Surfactant dysfunction and lung inflammation in the female mouse model of lymphangioleiomyomatosis

Elena N. Atochina-Vasserman, Chang Jiang Guo, Elena Abramova, Thea N. Golden, Michael Sims, Melane L. James, Michael F. Beers, Andrew J. Gow, Vera P. Krymskaya

Research output: Contribution to journalArticlepeer-review

10 Citations (Scopus)

Abstract

Pulmonary lymphangioleiomyomatosis (LAM) is a rare lung disease caused by mutations of the tumor suppressor genes, tuberous sclerosis complex (TSC) 1 or TSC2. LAM affects women almost exclusively, and it is characterized by neoplastic growth of atypical smooth muscle-like TSC2-null LAM cells in the pulmonary interstitium, cystic destruction of lung parenchyma, and progressive decline in lung function. In this study, we hypothesized that TSC2-null lesions promote a proinflammatory environment, which contributes to lung parenchyma destruction. Using a TSC2-null female murine LAM model, we demonstrate that TSC2-null lesions promote alveolar macrophage accumulation, recruitment of immature multinucleated cells, an increased induction of proinflammatory genes, nitric oxide (NO) synthase 2, IL-6, chemokine (C-C motif) ligand 2 (CCL2)/monocyte chemotactic protein 1 (MCP1), chemokine (C-X-C motif) ligand 1 (CXCL1)/keratinocyte chemoattractant (KC), and up-regulation of IL-6, KC, MCP-1, and transforming growth factor-β1 levels in bronchoalveolar lavage fluid. Bronchoalveolar lavage fluid also contained an increased level of surfactant protein (SP)-D, but not SP-A, significant reduction of SP-B levels, and a resultant increase in alveolar surface tension. Consistent with the growth of TSC2-null lesions, NO levels were also increased and, in turn, modified SP-D through S-nitrosylation, forming S-nitrosylated SP-D, a known consequence of lung inflammation. Progressive growth of TSC2-null lesions was accompanied by elevated levels of matrix metalloproteinase-3 and -9. This report demonstrates a link between growth of TSC2-null lesions and inflammation-induced surfactant dysfunction that might contribute to lung destruction in LAM.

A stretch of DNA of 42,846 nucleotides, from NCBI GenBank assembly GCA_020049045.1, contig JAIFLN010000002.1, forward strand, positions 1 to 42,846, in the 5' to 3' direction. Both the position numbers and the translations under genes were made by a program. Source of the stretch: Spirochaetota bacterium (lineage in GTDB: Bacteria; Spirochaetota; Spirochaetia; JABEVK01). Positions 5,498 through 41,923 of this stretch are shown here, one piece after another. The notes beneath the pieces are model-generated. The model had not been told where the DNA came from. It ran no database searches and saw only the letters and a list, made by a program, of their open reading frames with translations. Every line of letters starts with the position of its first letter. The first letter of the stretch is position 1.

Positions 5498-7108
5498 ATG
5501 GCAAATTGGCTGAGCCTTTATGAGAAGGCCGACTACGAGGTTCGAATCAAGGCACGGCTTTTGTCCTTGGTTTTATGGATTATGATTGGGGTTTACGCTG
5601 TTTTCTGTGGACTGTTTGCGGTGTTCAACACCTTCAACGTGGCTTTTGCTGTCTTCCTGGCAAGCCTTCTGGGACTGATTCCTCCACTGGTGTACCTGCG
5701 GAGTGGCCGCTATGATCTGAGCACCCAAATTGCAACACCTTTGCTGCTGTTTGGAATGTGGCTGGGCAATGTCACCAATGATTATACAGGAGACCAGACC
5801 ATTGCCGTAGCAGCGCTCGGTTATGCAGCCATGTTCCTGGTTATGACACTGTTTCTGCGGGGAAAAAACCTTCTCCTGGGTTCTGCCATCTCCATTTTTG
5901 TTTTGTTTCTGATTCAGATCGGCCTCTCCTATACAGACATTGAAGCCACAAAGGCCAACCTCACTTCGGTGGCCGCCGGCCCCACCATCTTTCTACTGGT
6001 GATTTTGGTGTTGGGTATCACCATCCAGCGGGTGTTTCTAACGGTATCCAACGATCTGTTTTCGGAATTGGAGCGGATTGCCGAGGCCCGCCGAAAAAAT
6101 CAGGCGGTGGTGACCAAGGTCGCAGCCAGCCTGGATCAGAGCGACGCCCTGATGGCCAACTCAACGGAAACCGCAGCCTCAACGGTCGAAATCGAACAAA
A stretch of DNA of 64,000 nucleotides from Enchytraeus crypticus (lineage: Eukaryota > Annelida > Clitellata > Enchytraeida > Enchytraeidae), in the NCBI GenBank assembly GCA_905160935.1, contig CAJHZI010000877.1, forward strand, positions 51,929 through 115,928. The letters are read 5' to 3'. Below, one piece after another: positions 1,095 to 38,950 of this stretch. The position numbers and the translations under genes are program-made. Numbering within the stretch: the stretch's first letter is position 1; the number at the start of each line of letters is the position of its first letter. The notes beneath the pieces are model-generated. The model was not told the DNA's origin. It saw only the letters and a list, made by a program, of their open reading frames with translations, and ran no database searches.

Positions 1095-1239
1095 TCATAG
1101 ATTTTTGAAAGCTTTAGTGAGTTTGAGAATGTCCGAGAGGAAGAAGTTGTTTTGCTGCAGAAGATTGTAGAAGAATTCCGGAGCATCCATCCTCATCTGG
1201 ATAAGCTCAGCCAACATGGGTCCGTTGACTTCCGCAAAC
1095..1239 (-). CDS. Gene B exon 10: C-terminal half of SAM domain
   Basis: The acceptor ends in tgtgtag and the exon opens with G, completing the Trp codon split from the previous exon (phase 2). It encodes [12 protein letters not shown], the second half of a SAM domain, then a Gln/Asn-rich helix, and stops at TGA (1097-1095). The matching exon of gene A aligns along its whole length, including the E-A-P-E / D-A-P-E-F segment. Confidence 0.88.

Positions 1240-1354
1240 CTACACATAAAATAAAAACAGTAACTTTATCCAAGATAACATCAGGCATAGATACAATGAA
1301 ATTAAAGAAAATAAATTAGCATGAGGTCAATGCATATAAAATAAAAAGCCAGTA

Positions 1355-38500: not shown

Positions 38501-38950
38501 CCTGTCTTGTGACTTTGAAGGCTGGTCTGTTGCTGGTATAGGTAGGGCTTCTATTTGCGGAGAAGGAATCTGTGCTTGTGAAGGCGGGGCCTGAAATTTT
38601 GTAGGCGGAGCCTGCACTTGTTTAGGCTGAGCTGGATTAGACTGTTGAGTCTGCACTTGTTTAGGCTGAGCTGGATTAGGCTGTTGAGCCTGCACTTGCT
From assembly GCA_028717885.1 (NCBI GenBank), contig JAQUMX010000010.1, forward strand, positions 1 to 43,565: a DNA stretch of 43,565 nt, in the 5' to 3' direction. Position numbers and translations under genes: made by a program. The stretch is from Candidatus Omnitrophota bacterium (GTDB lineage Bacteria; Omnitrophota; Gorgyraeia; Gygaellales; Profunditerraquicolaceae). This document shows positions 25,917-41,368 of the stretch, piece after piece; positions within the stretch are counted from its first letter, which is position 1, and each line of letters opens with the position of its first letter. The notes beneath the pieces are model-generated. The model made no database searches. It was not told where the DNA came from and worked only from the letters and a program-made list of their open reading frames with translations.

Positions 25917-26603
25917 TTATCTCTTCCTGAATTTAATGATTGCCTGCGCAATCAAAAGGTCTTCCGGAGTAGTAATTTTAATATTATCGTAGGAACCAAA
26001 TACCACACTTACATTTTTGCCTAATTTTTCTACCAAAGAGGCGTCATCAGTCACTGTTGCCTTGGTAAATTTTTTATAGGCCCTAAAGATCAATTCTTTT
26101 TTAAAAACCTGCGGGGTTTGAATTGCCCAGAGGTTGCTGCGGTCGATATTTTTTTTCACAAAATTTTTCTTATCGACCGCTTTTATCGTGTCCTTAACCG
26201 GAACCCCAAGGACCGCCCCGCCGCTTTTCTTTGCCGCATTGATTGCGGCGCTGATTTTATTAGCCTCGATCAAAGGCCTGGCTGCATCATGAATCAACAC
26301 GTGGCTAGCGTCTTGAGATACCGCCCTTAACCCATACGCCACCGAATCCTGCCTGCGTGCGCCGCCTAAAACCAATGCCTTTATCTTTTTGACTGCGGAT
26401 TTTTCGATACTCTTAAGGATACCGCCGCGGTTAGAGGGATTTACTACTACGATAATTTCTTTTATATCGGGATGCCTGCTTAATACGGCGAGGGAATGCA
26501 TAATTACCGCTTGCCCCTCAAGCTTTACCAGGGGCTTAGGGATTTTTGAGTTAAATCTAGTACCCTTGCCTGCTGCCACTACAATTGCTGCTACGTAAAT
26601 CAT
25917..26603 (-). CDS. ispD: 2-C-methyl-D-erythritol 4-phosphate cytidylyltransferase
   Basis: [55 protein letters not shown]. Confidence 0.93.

Original languageEnglish
Pages (from-to)96-104
Number of pages9
JournalAmerican Journal of Respiratory Cell and Molecular Biology
Volume53
Issue number1
DOIs
Publication statusPublished - 1 Jul 2015
Externally publishedYes

Keywords

  • Animal models
  • Interstitial lung disease
  • Nitric oxide
  • Surfactant protein-D
  • Tuberous sclerosis complex 2

ASJC Scopus subject areas

  • Cell Biology
  • Pulmonary and Respiratory Medicine
  • Molecular Biology
  • Clinical Biochemistry

Fingerprint Dive into the research topics of 'Surfactant dysfunction and lung inflammation in the female mouse model of lymphangioleiomyomatosis'. Together they form a unique fingerprint.

Cite this